What’s your hospital plan?
Have a plan for when you go into hospital. Who is going to look after your older children? Will they come to your house or will your children be going to their house? All of these things need to be considered and talked through with your children in advance. Explaining what will happen can provide reassurance, gives them the opportunity to ask any questions and means that it will not be a shock for them when the time comes.
When the baby arrives
Introducing the children
When the baby is born, introduce the children as soon as possible. Make it a positive experience, giving them lots of attention, praise and encouragement. Allow them to gently touch baby, to stroke their feet or tummy and talk about using “gentle / kind hands”. Again, if your older children do not want to hold the baby or pay them any attention, don’t worry about or force this. Just let them do it in their own time. It might be that they are nervous rather than not liking the baby, so just want to watch the adults before they get involved.
When your children come to hospital try to make sure that the baby is in the crib or that someone else is holding the baby. So you have both arms to give them cuddles and kisses when they first see you. They will have missed you, so being able to give them the affection that they will need at this time is important.
It might be a nice idea for the baby and older children to exchange gifts. The children could pick out something nice for the baby and then receive something exciting in return.
Keep things as normal as you can
Once you are all home, try to keep things as normal as possible for the older children. You will of course have a new baby to care for, but simple things such as keeping the older children in their normal routine will help to reassure them that not everything has changed. Where possible try to ensure that their bedtime routine is consistent and this can also be a good time of the day for 1:1 time with you. Providing cuddles and conversation to give them reassurance.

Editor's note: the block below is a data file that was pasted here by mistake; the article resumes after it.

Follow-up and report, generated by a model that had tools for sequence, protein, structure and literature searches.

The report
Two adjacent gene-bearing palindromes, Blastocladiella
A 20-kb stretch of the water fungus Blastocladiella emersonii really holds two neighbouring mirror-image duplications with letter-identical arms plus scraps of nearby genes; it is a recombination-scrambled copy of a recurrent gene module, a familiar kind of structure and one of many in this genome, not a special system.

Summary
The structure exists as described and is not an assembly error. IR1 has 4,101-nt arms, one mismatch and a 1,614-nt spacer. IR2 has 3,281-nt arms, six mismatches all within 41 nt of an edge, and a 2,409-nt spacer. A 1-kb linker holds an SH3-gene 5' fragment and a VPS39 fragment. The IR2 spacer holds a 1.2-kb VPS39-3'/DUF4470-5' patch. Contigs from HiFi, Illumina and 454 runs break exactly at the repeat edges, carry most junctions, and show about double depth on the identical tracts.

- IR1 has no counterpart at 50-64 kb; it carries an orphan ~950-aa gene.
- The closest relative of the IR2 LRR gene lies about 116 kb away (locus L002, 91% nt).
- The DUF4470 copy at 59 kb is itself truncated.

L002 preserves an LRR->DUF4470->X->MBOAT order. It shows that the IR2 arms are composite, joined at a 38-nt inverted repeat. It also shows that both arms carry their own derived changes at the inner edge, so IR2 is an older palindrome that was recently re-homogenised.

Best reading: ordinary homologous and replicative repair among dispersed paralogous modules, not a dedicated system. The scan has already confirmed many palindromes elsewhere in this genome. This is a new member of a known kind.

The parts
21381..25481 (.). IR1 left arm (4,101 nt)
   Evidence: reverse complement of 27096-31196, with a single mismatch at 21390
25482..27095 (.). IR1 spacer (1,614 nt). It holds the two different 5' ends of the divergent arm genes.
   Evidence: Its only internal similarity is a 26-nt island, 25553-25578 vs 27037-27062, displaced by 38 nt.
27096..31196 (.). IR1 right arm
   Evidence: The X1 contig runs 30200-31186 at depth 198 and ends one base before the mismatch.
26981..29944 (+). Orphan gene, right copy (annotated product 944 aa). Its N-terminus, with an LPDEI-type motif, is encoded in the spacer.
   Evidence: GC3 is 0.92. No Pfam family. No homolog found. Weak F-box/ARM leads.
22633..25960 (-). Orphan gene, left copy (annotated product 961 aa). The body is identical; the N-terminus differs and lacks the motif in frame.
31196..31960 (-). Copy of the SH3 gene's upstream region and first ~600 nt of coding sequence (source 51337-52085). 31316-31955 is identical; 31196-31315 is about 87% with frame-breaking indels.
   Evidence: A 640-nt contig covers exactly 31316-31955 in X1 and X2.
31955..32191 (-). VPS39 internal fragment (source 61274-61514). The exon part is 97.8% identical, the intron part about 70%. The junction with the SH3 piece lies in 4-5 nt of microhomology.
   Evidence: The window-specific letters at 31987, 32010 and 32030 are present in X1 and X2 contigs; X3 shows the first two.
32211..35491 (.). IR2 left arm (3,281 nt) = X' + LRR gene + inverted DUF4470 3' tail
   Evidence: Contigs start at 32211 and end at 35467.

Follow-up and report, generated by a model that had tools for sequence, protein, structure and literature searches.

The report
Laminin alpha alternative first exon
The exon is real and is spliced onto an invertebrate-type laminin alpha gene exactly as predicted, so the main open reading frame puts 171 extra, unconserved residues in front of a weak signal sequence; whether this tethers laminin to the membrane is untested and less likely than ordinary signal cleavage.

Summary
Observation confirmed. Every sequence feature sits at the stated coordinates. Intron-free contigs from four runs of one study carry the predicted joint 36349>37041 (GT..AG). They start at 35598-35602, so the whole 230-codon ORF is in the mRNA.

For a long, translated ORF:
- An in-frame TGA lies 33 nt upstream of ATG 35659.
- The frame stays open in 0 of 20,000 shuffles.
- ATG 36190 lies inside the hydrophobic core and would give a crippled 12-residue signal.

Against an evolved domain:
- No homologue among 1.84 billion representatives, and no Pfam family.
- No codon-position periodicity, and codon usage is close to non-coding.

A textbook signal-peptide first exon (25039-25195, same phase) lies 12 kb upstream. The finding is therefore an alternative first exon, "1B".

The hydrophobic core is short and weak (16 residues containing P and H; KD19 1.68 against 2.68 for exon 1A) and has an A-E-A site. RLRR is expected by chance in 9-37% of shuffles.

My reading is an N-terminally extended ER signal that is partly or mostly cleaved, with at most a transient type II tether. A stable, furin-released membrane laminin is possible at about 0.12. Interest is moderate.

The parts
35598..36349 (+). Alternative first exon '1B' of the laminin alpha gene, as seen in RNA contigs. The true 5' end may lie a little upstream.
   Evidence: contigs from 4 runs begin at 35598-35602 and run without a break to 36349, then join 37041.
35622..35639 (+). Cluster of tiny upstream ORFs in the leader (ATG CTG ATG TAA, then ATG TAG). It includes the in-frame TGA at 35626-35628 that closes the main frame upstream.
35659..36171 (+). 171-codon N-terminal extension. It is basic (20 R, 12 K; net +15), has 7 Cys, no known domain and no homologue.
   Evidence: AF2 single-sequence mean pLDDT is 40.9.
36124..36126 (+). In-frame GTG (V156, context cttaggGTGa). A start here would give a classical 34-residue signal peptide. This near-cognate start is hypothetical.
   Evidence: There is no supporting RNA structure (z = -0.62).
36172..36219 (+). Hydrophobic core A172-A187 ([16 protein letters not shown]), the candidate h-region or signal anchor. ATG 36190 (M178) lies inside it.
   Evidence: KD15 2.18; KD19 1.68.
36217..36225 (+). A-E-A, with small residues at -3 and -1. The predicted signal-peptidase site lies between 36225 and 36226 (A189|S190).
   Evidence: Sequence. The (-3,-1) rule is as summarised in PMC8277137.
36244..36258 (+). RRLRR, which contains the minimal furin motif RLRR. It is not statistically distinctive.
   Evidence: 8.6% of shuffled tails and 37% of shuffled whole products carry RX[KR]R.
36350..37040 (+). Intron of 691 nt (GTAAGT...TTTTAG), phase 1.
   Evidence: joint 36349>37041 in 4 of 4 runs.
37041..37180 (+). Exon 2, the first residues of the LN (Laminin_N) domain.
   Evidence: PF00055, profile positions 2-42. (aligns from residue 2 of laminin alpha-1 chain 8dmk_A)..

Encourage any guests to greet the older children first when coming to meet baby, so that they don’t feel any less important. It will be hard but ask them to try not to make conversations they have with the older children just about the baby or being a big brother or sister etc. Get them to talk about other things, play a game with them etc.
Get the children involved!
Wherever possible, depending on the children’s ages, encourage them to be involved in the baby’s care. If they’re not old enough to do things independently, encourage them to “pass you a nappy”, “fetch a toy for the baby” or “sing the baby a song”. But don’t put any pressure on them. If they say “no” then this is fine, and just make sure that they are not having to do too much….unless they want to.
Distraction – baby’s feeding times may be a particular time when the older children might feel left out. So try to find something exciting that they can do during these times. It might be something as simple as a special sticker book or you could ask them to come and sit with you so that you can use the opportunity to have a really nice chat. Also, for example, when you have visitors try to use this opportunity to spend time with your older child/ren. So maybe going out to the park or to the café without the baby so that they have that 1:1 time with you.
Expect some jealousy and resentment
This is only natural while the older children adjust to the new arrival. Ask those around you to help. Either to give the older siblings extra attention, or to hold baby so that you can spend some quality time with the older children.
My final piece of advice is to be patient. As above, try to ensure that they get lots of quality time with you so that they don’t feel left out. Where possible, try to keep bedtimes as consistent as possible as this will help them to feel safe and secure.
New siblings are a natural part of families, but we need to understand that as adults we have the understanding of what having another baby means. We have 9 months to adjust and prepare for the new arrival, but our children haven’t necessarily asked for this new sibling.
Time is a very different concept for them (things can feel like they take a very long time) and their place in the family is going to change. They will become the eldest child or a middle child and so they will need time to adjust to this. There will be a huge range of emotions that they will experience and it is important to empathise with these. To then appreciate that some days they will not want to help with the baby or other days they will want to do everything for the baby. Giving your older children the time and space to still have their interests, individual attention and also involvement with the baby (if they want to) will all help to create a calmer family environment.